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WWF works to sustain the natural world for the benefit of people and wildlife, collaborating with partners from local to global levels in nearly 100 countries.
They slide across the ocean floor using thousands of tiny tubelike projections attached to their arms. Seawater pumps through their bloodless body cavities, hydraulically powering their limbs. And instead of a brain, they have a decentralized nervous system, with each limb essentially calling its own shots.
But one aspect of the sea star’s biology may be threatening its survival in some parts of the world. Sea stars don’t have gills. Instead, they breathe through their skin, making them sensitive to changes in oxygen levels in the water. Unfortunately, today’s warming oceans may be contributing to blooms of bacteria that deplete the ocean oxygen sea stars rely on.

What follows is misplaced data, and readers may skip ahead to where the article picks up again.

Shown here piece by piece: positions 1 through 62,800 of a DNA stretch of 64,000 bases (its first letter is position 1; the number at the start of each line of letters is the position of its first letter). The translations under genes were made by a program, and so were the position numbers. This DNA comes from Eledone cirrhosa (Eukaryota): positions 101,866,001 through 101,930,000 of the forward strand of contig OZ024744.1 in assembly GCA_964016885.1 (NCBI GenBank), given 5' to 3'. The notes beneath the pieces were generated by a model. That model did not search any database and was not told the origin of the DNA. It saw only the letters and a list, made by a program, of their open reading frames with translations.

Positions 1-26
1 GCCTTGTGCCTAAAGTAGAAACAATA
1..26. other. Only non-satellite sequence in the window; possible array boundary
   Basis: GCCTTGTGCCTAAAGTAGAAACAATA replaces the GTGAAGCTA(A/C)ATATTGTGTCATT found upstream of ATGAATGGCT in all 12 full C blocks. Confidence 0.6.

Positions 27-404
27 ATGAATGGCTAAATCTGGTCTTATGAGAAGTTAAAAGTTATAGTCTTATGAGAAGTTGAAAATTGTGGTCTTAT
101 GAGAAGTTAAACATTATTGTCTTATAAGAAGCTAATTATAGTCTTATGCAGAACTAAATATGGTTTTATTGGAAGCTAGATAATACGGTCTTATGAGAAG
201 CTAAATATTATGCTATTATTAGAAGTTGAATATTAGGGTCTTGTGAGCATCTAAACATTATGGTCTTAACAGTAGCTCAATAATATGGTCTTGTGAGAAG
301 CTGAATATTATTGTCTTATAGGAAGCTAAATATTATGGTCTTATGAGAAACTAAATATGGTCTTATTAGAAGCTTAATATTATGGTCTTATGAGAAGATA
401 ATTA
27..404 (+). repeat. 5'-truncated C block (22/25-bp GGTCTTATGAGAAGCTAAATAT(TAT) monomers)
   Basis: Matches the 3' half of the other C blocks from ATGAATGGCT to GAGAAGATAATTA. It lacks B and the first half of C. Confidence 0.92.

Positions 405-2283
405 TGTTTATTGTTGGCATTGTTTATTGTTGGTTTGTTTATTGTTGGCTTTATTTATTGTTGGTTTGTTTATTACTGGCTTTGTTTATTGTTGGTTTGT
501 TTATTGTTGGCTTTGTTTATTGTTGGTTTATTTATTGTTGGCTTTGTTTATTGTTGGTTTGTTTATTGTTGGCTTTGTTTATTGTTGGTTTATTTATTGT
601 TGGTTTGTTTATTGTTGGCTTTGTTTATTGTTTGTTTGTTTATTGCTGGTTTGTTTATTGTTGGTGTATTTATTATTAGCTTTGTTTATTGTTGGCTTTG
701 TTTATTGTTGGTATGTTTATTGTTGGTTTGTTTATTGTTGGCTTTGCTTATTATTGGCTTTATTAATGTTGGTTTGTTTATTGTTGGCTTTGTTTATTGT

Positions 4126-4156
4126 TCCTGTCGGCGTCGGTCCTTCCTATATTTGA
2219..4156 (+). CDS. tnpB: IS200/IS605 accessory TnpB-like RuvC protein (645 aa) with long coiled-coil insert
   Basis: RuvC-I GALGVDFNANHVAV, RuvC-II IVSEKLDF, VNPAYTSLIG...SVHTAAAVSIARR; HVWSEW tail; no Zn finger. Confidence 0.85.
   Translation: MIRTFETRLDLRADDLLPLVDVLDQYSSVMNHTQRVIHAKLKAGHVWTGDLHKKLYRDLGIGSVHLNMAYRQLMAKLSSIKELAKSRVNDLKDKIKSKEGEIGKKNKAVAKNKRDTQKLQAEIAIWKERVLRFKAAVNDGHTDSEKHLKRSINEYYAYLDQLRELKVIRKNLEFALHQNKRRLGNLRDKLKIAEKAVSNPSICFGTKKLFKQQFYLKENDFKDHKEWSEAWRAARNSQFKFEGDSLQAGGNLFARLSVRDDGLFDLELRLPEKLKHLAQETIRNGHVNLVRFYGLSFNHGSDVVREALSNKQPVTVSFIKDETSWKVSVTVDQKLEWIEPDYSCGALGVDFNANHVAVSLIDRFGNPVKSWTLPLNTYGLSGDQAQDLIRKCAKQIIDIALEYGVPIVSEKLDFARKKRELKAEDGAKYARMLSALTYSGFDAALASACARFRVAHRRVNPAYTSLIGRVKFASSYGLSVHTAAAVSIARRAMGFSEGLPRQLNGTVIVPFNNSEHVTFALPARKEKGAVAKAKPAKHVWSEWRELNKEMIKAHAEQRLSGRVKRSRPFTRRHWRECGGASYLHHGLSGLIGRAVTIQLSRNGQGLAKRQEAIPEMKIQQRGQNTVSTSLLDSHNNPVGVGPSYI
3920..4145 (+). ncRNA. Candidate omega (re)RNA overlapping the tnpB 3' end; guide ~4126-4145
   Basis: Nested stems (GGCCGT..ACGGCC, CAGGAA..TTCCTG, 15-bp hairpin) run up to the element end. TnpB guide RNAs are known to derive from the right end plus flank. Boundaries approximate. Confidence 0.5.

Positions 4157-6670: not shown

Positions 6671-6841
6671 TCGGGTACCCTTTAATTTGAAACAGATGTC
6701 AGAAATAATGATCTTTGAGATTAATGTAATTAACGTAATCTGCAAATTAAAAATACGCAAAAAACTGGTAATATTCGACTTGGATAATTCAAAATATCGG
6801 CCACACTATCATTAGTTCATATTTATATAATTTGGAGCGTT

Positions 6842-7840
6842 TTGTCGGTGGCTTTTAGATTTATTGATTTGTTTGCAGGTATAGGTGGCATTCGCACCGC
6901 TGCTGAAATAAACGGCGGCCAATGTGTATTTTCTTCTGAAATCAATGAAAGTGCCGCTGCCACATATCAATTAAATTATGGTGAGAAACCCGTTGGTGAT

This may help explain an ailment called sea star wasting disease that has been decimating these animals along the US West Coast since 2013. Losing so many sea stars helped set off an ecological chain reaction that erased acres of kelp forests between Alaska and Mexico, highlighting the importance of these invertebrates and the urgent need to halt climate change by curbing emissions.